Deficiency of K1 can result in coagulopathy, a bleeding disorder. Symptoms of K1 deficiency include anaemia, bruising, and bleeding of the gums or nose, liver damage

Vitamin K1 is found chiefly in leafy green vegetables such as dandelion, greens spinach, Swiss, lettuce and brassica cabbage, kale, cauliflower, broccoli, and Brussels sprouts, butter or oils; some fruits such as avocado, kiwi and grapes.
Vitamin K-2
Coronary heart disease is strongly associated with lower levels of K2.
Food sources of vitamin K2 include fermented or aged cheeses, eggs, meats such as chicken and beef and their fat, livers, and organs, and in fermented vegetables, especially natto, as well as sauerkraut and Kofi.
Vital for building strong bones and teeth.
The time to build strong bones is during childhood and teen years, to fight against bone loss later in life. Weak bones are susceptible to osteoporosis, causing bones to break easily.
Milk and other dairy products, such as yogurt, cheese, broccoli and dark green leafy vegetables, soy foods and food fortified with calcium.
Iron helps red blood cells carry oxygen to all parts of the body.
Symptoms of iron deficiency anaemia include weakness and fatigue, lightheadness and shortness of breath.
Iron rich foods include red meat, pork, fish and shellfish, poultry, lentils, beans and soy foods, green leafy vegetables and raisins. Some flours, cereals, and grain products are also fortified with iron.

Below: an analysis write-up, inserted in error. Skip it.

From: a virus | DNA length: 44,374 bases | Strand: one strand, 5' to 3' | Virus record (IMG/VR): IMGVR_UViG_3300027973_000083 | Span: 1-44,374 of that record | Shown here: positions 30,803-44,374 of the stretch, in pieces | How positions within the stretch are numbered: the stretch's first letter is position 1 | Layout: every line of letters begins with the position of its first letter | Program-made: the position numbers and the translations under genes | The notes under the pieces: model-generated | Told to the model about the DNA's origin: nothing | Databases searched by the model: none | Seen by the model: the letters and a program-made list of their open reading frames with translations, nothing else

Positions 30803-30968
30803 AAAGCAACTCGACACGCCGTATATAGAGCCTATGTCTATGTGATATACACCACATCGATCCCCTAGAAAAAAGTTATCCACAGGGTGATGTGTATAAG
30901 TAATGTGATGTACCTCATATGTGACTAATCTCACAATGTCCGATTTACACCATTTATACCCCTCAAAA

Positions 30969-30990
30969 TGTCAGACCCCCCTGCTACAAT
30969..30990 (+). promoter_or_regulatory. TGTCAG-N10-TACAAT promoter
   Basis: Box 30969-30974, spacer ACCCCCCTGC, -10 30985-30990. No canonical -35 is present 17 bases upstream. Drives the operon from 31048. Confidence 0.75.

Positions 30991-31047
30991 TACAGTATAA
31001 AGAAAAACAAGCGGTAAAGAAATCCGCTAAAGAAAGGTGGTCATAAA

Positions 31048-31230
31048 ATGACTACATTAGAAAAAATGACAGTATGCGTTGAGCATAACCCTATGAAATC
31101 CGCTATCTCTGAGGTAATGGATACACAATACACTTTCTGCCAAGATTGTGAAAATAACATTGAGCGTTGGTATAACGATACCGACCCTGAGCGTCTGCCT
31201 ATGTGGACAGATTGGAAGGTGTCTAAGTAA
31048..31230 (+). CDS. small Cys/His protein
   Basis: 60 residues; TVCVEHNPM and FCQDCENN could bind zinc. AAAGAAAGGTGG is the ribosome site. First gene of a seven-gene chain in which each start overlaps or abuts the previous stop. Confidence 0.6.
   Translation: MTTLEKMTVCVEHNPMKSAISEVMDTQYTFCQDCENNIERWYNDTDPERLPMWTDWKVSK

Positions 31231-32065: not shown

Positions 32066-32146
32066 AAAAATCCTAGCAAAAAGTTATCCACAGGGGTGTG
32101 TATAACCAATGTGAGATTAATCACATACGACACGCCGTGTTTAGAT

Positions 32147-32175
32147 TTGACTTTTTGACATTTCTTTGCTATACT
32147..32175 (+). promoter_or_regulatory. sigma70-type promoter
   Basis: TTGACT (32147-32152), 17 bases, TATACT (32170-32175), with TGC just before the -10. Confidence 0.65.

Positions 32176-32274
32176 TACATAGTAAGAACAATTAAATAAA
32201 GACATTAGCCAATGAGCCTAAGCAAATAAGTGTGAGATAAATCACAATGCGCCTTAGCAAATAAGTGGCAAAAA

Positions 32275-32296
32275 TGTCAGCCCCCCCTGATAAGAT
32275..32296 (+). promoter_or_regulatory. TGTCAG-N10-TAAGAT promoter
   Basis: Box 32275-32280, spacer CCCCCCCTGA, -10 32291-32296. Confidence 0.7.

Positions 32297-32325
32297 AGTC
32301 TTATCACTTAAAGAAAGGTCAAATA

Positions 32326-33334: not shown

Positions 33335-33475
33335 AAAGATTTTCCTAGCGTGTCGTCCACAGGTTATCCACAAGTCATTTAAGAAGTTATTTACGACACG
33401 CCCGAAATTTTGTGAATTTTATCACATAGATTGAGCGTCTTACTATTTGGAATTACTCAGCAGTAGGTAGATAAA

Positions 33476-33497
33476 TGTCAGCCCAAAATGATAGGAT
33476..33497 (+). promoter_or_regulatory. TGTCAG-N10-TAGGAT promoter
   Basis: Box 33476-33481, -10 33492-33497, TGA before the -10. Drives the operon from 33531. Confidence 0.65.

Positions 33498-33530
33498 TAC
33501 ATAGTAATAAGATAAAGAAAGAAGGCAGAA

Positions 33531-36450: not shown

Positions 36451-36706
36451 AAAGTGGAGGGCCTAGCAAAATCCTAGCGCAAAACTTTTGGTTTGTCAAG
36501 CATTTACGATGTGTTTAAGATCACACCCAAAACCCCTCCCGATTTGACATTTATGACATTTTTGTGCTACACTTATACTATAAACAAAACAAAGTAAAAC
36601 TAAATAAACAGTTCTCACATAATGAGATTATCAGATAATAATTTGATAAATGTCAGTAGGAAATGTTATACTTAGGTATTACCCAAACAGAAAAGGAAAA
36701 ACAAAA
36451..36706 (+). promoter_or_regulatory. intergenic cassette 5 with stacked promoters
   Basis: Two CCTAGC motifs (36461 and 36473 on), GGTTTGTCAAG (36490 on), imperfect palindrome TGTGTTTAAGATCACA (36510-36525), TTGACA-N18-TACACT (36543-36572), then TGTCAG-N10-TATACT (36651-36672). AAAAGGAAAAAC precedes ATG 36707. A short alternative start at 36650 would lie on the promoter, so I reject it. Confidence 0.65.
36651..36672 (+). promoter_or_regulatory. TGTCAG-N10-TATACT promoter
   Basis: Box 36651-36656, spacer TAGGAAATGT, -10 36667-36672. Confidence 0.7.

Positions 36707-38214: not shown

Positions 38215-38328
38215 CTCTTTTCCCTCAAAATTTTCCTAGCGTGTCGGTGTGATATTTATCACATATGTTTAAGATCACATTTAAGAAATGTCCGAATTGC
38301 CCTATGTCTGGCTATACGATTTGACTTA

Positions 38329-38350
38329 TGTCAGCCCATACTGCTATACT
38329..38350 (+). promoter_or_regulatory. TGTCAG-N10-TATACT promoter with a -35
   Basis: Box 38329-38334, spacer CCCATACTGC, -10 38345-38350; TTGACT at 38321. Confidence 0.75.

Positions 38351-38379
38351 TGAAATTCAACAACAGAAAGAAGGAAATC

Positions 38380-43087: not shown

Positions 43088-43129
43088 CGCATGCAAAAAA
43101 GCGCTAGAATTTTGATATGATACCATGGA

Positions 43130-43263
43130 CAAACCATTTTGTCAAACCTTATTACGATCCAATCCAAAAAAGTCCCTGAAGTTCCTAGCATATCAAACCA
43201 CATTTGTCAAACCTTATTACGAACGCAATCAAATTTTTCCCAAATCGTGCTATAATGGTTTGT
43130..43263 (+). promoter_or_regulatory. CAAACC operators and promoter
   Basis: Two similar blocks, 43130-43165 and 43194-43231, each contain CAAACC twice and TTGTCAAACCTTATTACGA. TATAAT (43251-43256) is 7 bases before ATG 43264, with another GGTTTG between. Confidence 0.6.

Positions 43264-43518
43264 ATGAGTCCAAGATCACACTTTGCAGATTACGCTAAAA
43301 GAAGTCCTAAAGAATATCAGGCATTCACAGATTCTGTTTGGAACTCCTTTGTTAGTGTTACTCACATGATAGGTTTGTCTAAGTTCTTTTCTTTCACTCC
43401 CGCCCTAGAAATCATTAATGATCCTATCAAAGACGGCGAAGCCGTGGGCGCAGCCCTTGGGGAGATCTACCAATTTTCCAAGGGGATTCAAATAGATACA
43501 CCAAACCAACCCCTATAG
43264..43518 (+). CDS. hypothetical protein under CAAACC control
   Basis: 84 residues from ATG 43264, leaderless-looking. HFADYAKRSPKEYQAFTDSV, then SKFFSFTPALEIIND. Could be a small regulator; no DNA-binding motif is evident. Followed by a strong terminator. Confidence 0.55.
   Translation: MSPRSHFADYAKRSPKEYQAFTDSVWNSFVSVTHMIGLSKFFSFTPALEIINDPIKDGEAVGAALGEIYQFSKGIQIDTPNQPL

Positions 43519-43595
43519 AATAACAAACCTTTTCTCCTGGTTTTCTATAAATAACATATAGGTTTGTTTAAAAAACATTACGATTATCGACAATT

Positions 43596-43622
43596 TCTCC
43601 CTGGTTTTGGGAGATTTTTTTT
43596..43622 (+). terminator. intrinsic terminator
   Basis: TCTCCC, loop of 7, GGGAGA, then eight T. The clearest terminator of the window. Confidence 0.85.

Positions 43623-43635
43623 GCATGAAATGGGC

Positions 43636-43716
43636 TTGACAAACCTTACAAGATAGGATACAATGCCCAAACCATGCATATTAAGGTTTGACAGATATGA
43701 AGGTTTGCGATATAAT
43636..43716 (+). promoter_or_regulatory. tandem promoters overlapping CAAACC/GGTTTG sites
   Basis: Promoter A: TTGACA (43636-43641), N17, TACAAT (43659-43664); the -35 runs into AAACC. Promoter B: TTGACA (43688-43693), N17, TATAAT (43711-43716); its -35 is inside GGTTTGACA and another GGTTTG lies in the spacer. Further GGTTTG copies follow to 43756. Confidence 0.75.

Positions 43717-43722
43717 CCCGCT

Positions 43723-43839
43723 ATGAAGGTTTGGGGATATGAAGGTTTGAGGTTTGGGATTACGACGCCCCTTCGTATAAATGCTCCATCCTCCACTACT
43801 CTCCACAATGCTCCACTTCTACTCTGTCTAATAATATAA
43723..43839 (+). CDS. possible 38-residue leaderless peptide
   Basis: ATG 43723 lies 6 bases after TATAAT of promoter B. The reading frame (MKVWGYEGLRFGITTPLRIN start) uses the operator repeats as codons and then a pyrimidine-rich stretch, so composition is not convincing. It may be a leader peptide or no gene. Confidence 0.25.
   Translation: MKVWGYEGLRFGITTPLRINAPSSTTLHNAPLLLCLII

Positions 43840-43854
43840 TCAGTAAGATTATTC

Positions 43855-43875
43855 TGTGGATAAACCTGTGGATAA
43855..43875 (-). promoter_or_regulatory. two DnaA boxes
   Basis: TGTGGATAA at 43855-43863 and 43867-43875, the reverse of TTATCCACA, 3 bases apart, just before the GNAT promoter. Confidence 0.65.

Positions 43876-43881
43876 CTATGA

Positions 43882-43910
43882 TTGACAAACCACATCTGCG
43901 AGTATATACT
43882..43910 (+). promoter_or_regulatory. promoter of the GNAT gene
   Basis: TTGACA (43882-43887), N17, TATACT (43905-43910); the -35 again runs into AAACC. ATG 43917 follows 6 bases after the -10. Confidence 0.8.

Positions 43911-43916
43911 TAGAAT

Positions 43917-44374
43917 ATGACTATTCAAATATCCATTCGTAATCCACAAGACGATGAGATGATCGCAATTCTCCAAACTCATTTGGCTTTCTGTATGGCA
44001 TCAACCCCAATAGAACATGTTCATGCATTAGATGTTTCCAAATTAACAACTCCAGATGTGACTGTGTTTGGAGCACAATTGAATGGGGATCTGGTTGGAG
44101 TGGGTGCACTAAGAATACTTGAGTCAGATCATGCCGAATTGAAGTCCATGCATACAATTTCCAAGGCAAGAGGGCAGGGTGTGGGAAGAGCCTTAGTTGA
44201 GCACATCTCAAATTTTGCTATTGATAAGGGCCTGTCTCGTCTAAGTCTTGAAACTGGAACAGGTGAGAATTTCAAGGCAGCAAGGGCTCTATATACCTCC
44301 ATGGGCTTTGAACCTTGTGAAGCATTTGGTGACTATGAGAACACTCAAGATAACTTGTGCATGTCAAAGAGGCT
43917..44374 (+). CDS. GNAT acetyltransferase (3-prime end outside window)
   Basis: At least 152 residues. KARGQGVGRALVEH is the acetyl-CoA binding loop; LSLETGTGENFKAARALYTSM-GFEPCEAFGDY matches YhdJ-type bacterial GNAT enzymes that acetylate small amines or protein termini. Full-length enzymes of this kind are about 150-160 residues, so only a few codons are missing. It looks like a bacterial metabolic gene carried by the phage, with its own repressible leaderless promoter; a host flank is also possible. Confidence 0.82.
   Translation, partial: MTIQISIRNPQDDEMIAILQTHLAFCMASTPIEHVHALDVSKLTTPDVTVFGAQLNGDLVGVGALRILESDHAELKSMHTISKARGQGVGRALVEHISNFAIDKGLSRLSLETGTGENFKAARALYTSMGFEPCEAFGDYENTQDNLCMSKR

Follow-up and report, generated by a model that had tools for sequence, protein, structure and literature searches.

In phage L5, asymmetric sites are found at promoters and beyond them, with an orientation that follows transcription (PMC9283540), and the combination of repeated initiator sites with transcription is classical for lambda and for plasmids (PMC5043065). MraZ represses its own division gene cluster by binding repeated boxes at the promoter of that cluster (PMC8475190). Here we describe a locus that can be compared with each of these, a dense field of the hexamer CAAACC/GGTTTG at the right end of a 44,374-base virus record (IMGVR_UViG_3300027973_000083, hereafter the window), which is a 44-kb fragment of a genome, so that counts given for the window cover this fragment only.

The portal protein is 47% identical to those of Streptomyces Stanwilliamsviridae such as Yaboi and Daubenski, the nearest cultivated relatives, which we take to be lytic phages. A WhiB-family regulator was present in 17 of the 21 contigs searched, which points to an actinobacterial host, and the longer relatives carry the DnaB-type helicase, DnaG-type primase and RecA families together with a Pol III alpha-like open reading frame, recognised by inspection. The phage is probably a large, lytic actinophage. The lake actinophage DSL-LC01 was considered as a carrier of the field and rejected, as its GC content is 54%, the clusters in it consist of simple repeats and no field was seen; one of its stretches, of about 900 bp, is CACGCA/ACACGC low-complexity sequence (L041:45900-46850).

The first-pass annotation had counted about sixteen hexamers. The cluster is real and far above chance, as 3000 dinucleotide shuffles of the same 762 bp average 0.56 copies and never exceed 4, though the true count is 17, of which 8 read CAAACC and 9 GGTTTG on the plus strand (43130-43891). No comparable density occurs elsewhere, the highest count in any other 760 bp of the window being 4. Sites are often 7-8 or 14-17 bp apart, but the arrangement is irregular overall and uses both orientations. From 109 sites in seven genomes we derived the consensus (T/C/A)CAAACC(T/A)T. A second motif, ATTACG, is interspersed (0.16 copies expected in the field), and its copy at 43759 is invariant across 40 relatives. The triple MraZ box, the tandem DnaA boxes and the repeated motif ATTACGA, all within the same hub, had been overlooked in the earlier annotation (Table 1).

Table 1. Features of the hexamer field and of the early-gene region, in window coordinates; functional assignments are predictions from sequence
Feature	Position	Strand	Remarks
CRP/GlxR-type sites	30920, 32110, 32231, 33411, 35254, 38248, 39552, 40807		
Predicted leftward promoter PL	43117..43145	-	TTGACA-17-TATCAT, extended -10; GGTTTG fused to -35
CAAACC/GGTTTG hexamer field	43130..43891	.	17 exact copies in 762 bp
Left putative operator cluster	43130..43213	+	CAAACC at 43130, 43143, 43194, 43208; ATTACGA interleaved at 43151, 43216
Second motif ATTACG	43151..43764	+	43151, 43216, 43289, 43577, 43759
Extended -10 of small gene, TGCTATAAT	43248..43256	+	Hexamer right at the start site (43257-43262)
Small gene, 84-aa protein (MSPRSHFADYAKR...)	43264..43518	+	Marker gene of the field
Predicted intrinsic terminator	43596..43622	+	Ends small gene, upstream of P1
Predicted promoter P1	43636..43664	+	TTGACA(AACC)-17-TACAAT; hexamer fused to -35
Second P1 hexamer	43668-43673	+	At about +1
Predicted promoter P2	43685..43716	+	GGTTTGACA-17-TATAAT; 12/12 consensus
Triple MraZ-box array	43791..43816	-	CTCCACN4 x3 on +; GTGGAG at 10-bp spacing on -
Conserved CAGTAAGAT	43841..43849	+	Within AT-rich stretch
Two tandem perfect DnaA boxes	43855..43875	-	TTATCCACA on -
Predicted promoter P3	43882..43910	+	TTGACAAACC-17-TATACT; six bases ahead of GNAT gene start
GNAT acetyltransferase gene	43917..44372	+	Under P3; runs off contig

Magnesium helps muscles and nerves function, steadies the heart rhythm, and keeps bones strong. It also helps the body create energy and make proteins.
Whole grains and whole grain breads, nuts and seeds, green leafy vegetables, potatoes, beans, avocados, bananas, kiwi, broccoli, prawns and chocolate.
Phosphorous helps form healthy bones and teeth. It also helps the body make energy. it is part of every cell membrane, and every cell in the body needs phosphorous to function normally.
Phosphorous is found in most foods, but best sources are dairy foods, meat and fish.
Potassium helps with muscle and nervous system function. It also helps the body maintain the balance of water in the blood and body tissues.
Potassium is found in broccoli, potatoes (with skins), green leafy vegetables, citrus fruits, bananas, dried fruits and legumes such as peas and lima beans.
Zinc is important for normal growth, strong immunity and wound healing.
Red meat, poultry food, oysters and other seafood, nuts, dried beans, soy foods, milk and other dairy products, whole grains and fortified breakfast cereals.
Protein is a nutrient needed by the human body for growth and maintenance. Aside from water, proteins are the most abundant kind of molecules in the body. Protein can be found in all cells of the body and is the major structural component of all cells in the body, especially muscle. This also includes body organs, hair and skin. Proteins are also used in membranes, such as glycol proteins.
Meat, products from milk, eggs and fish are sources of complete protein. Cereals and whole grains, nuts and seeds, fruits.